Before PepsiCo Chairman and CEO Indra Nooyi took the stage with Atlantic Media Chairman and Owner David G. Bradley, Facebook COO Sheryl Sandberg sent a text to say Nooyi has done a marvelous job of “leaning in.” But for Nooyi — a mother, wife, and CEO of PepsiCo — the reality is simple: “I don’t think women can have it all,” she said. “We pretend we can have it all.”
“The career clock and the biological clock are in total conflict with each other, and the guilt can kill you,” she continued. “However, if you develop mechanisms for dealing with that conflict, you can minimize that guilt.” Nooyi told a story about her daughter’s school hosting weekly morning events with mothers. “I missed most class coffees and my daughter would come home and say this mother was there and this mother was there. The first few times, I’d die with guilt,” she confided. “Then I called the school to find out which other mothers weren’t there and I told her that list.”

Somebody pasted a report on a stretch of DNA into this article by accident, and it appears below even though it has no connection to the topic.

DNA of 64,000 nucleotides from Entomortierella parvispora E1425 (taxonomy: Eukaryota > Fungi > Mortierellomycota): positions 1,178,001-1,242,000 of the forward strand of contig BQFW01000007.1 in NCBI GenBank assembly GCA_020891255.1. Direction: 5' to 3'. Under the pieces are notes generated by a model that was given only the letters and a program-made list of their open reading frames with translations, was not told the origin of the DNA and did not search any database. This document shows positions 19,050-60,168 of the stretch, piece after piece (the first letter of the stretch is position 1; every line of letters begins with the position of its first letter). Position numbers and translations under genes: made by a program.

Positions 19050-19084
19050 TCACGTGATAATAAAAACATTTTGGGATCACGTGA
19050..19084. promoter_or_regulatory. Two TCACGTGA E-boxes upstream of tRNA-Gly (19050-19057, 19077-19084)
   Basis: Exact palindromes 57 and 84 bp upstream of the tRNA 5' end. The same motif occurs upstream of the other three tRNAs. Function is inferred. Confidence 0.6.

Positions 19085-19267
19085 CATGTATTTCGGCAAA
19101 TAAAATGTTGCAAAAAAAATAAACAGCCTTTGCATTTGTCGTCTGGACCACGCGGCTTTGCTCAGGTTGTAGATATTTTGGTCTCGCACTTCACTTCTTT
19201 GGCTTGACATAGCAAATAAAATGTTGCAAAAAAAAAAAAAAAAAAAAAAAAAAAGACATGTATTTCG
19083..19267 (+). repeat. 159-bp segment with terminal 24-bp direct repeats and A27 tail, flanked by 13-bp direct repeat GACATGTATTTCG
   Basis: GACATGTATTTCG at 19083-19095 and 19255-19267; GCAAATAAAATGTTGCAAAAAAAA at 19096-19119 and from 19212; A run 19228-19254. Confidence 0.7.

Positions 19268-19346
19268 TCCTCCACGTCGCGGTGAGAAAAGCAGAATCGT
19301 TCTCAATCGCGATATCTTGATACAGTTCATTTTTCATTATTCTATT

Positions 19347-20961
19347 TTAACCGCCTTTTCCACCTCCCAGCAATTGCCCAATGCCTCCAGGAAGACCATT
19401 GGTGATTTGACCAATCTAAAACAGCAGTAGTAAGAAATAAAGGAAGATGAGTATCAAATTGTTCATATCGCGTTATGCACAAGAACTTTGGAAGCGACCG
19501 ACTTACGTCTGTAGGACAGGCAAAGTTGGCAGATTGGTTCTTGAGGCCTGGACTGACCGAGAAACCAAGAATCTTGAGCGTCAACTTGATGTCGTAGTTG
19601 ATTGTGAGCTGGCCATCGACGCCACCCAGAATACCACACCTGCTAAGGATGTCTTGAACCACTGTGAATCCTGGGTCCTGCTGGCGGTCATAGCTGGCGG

“Being a stay-at-home mother is a full-time job. Being a CEO is three jobs in one,” Nooyi said. “How can you do justice to all of them?”
Nooyi’s leadership at PepsiCo has not been without its own conflict. As healthy food consumption was beginning to rise, Nooyi decided to take the company in a new direction of greater nutrition. Many shareholders were upset about the loss of short-term returns in favor of long-term sustainability, but Nooyi said that she had to do what’s right. With that, she led the largest transformation of the company ever.
“Invest responsibly in transformation when the world demands transformation,” she said of her decision.
Another landmark shift at PepsiCo came when Nooyi surveyed its employees to find out what would make them tick. She found that every one of them was searching for a purpose. Nooyi decided to make PepsiCo a company devoted to “performance with purpose” and shift the mindset of the leadership: “the fundamental difference is about how we make the money not how we spend the money we make.”
Nooyi said PepsiCo could have started a foundation or a charity, but she feels that approach to corporate social responsibility is akin to “going to confession after making a mistake.” Instead, she said, the company itself has to perform — returning strong dividends consistently — while providing its employees with a feeling of purpose by focusing on nutrition, environmentalism, and the environment in which they work.